Waiting for Righty

Loon Lake

by E.L. Doctorow
Random House, 258 pp., $11.95

As in the writings of many prophets, the writings of E.L. Doctorow contain texts to interpret them by: “We will over-throw America in images.” “He [God] enlists the help of naturally righteous humans who become messengers or carriers of his miracles, or who deliver their people. Each age has by trial to achieve its recognition of Him…” (The Book of Daniel).

The special trial sent to Doctorow is to be not only righteous but an artist, thought since Victorian times to be antithetical; either the artist must “sit as God holding no form of creed, / But contemplating all,” in the words of Tennyson’s poem, or do a little peace marching, but to try to do both together is to start with a special handicap, like a sack-runner in the regular race. Doctorow is an artist struggling in a message sack, or a messenger beguiled by a sackful of artist’s playthings—possibilities of language and form—but all the same he runs a swift race.

That is to say, Loon Lake is a work both formally ambitious and doctrinaire. It is narrated mainly by Joe Korzeniowski, aka Joe of Paterson, the son of parents defeated by their ugly and poor urban environment, a bad kid who robs the poor box, beats up priests, and lives without compunctions by his wits and good looks. Eventually, after the events of this book have taken place, he rises to such establishment positions as head of the CIA, chairman of industrial boards, heir of the rich capitalist F.W. Bennett.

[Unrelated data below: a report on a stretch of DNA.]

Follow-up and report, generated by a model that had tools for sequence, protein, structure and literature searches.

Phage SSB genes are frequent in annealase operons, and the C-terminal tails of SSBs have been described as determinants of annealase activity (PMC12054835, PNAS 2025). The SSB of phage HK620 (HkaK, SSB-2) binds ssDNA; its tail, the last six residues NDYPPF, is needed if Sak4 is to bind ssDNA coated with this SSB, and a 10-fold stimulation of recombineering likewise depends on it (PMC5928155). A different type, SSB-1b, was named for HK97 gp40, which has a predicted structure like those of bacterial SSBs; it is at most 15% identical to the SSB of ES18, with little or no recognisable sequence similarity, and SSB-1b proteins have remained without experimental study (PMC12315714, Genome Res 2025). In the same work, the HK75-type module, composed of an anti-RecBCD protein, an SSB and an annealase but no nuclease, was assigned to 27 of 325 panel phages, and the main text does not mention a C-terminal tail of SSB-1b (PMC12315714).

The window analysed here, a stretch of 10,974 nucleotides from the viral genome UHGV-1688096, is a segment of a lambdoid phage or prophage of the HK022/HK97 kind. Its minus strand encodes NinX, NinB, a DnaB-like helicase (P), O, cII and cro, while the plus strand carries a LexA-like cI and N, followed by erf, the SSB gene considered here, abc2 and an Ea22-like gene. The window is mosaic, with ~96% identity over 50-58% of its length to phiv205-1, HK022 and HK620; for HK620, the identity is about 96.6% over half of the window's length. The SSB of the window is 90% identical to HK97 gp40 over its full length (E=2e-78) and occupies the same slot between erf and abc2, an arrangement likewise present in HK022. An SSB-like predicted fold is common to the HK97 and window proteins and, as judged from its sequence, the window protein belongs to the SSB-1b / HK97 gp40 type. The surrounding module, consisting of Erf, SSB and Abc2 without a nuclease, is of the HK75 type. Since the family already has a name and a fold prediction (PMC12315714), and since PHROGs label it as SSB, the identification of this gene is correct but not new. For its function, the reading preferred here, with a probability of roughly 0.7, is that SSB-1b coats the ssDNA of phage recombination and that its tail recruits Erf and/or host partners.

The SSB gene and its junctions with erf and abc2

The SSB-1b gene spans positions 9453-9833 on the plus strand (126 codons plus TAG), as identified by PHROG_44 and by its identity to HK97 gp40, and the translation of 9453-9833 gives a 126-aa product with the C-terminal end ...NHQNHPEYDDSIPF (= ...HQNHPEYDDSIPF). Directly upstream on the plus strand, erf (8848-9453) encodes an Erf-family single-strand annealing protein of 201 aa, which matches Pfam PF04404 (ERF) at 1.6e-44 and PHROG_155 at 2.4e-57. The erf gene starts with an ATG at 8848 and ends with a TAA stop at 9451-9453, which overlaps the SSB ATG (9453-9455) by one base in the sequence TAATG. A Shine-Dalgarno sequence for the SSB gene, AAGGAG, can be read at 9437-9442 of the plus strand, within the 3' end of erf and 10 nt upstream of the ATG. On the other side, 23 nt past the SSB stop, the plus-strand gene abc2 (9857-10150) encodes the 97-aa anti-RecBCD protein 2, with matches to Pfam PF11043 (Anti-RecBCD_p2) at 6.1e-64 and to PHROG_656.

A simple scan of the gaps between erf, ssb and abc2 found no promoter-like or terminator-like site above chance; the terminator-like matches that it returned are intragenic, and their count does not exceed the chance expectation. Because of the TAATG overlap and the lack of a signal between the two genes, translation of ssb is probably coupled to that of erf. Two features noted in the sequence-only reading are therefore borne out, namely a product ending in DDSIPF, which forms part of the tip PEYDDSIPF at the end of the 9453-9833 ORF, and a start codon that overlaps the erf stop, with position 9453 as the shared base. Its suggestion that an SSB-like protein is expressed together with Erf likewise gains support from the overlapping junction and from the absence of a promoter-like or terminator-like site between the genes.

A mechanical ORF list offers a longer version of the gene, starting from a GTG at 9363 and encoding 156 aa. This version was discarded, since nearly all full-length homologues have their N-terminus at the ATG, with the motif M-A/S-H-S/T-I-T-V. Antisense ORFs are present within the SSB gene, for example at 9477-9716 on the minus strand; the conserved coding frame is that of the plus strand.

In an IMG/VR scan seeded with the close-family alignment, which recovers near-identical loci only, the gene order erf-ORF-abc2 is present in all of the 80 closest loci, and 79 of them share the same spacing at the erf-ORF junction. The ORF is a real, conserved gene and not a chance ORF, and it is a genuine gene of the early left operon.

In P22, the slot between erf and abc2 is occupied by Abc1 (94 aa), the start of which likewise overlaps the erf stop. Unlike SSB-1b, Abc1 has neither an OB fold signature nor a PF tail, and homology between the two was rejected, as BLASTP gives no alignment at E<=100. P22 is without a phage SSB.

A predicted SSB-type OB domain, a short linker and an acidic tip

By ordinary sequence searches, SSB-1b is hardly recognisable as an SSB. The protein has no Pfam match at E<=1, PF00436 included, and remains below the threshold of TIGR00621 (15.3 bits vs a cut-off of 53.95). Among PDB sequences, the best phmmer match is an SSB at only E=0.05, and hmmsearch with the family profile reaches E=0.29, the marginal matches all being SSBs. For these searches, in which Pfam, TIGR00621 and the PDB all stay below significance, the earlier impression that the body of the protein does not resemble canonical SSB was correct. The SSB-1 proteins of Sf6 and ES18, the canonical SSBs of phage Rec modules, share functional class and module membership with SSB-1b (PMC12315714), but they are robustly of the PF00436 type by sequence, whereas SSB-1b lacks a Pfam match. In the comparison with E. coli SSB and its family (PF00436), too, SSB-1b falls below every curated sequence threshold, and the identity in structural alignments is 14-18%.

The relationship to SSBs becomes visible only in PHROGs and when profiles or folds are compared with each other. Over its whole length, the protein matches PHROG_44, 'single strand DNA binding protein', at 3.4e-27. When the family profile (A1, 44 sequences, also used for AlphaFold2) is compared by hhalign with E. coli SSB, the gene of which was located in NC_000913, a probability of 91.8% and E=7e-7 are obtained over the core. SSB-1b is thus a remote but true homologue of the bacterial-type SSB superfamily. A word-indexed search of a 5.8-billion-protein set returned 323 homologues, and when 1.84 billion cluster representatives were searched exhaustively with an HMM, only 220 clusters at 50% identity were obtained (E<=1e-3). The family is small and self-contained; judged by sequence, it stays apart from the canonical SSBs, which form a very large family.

The action is simple, though the structure of the work is not. Joe leaves home, tramps around, works in a carnival, and during his picaresque wanderings near Loon Lake, Bennett’s private retreat, he is attacked by savage dogs. While convalescing there, he meets Warren Penfield, failed poet and drunk, son of poor miners, and now “poet-in-residence.” Other characters are Bennett’s wife Lucinda, an aviatrix who reminds us of Amelia Earhart; Clara, mistress first of a gangster guest at Loon Lake, then of Bennett, later of Penfield and Joe; and the Jameses, Sandy and Red, whom Joe meets after escaping from Loon Lake with Clara. He lives with Clara for a time and works in a factory, where he is impressed with the beauty of this “complex society with standards of conduct honor serious moral judgement.” After Red, an apparently nice union guy, is unmasked as a company operative and murdered, probably by other company men, Joe befriends, but later deserts, Sandy, then returns to Loon Lake and the sponsorship of Bennett.

The narrative projects events up until the time of writing (1970s) and backward into the childhoods of Penfield and Joe, with the main action set in the 1930s. Joe’s account is presented in both the first and third person:

I stand poised on the edge and dive into the water. With powerful strokes learned in the filth of industrial rivers Joe swims a great circle crawl in the …

This article is available to Online Edition and Print Premium subscribers only.
Please choose from one of the options below to access this article:
If you already have one of these subscriptions, please be sure you are logged in to your nybooks.com account. If you subscribe to the print edition, you may also need to link your web site account to your print subscription. Click here to link your account services.